There gets to a point in a week, a month or a lifetime that you just want to shut up. I mean truly, madly and aggressively say nothing to another living soul. It is as if each word uttered burns 1000 calories and feels like those last weary steps of an Olympic marathon where you enter the stadium, the crowd is going wild and your legs act like wobbly rubber bands instead of the strong, dutiful appendages you so badly rely on. The rubber wins out and you fall flat on your face, as a runner from Ethiopia passes you for the gold, the random Swede flies on by to capture the silver, wearing unbearably small shorts and some middle aged Jamaican limps over the finish line with an impossibly heartwarming back story and the Bronze, that you would have settled for had your body not screwed you over. No, I do not know what it feels like to be in the Olympics but I have imagined it more times than I would care to admit.
I am a talker by nature, a girl who once lost a $20 bet that I could not shut the fuck up for 5 minutes. I could not do it. The words flew out of my pie hole like hundreds of bats at dusk searching for a cow to suck on. A glue addict in an art supply store would have held out longer than I did. I handed over my money shameful yet exhilarated by the rush. My urge to speak and to fill any silence that comes my way is my addiction, my cross to bear, my pile of Coca Cola, my credit card debt.
With motherhood, wifedom and the endless search for a career with meaning, I have moved into a part of my life where I want nothing but silence, especially from myself. The voice in my head is louder than my real voice and sometimes resembles Liza Minnelli after three Manhattan’s, complete with a staccato slur and jazz hands. When Liza passes out or falls off her barstool the voice can turn into Jimmy Durante with a peppering of Amy Winehouse drunk dialing Courtney Love. But if the day is as long as it is hard, a terrific combination of a leaf blower, Miley Cyrus speaking, not singing and experimental jazz-fusion fill my skull until my ears bleed. This must be payback.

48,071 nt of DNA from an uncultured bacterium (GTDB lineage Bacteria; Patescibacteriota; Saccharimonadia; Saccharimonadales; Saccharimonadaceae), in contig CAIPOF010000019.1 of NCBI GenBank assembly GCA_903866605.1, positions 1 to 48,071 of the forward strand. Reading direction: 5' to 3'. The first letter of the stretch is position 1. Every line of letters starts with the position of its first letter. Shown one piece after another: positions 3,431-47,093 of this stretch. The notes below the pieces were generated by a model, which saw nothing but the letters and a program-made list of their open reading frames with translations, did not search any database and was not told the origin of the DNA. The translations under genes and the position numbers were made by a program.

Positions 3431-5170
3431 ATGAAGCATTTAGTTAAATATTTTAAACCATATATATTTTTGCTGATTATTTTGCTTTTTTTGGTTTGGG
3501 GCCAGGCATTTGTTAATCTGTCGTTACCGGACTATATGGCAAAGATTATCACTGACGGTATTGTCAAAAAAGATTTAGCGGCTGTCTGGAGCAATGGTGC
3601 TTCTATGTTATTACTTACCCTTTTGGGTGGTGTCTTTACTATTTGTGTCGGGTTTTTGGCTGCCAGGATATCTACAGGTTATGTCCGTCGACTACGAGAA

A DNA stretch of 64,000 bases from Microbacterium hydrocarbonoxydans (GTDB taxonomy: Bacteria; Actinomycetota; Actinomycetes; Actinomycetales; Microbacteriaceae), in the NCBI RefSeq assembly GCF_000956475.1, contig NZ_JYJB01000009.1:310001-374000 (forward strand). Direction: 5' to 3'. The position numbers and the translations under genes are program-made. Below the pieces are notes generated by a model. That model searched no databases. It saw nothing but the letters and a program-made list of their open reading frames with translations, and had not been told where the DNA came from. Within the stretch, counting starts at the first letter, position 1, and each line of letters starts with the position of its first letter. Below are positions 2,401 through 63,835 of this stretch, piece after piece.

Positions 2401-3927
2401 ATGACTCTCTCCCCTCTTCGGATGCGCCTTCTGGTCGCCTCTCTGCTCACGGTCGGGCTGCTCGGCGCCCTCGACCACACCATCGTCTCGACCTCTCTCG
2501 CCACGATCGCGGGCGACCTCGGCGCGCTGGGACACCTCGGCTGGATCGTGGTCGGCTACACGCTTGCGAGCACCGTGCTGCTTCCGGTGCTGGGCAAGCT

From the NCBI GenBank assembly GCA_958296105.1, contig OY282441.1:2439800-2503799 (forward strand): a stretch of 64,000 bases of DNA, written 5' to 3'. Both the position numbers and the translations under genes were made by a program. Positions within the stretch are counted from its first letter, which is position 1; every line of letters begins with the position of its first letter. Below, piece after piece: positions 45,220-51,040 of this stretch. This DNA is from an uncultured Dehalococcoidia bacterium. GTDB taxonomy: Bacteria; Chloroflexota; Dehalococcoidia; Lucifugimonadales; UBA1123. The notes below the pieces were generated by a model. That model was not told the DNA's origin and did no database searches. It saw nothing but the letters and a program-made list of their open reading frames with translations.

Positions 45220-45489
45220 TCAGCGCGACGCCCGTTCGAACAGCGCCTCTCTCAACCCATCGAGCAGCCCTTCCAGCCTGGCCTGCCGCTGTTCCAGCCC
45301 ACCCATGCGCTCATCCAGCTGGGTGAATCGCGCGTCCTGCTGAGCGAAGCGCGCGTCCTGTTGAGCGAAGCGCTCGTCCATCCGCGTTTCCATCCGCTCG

When I was a freshman in college, I had just begun dating a boy on the varsity rugby team, a boy whose ability to withstand monumental amounts of pain seemed, at the time, to be a good character trait. That, and his sheer pleasure at having teeth knocked out of his head on a semi-regular basis. I was a girl who loved having a boyfriend. I was in love with love, the kind of love that was most often soaked in cheap beer and false promises. But Rugby Boy* was such a cheese monger that he lured me in on our first date with a rented Betamax copy of 9 1/2 Weeks and a belt’s length of free drink tickets from the local college watering hole. This lovely place, called The Nickel, was a downtown Tucson bar filled with homeless bar flies and entitled college assholes who loved chugging cheap beer on tap and mocking the needy by chatting them up and pretending to be interested in their colorful and tragic stories.
After a few weeks of dating each other, he took me to the Rugby team awards dinner, a splendid affair that took place in a large dining hall in the armpit of the football stadium. It seemed to be a forgotten locker room with banquet tables and a stage, smelling of sweaty testicles and athlete’s foot cream. The food was a collection of mysterious gray matter in three separate piles, a vegetable, a carbohydrate and a deceased rodent of some kind, most likely a skinny chicken who was thrilled to have been put out of its misery but was hoping for something a bit higher class than a D level dinner as its last resting place.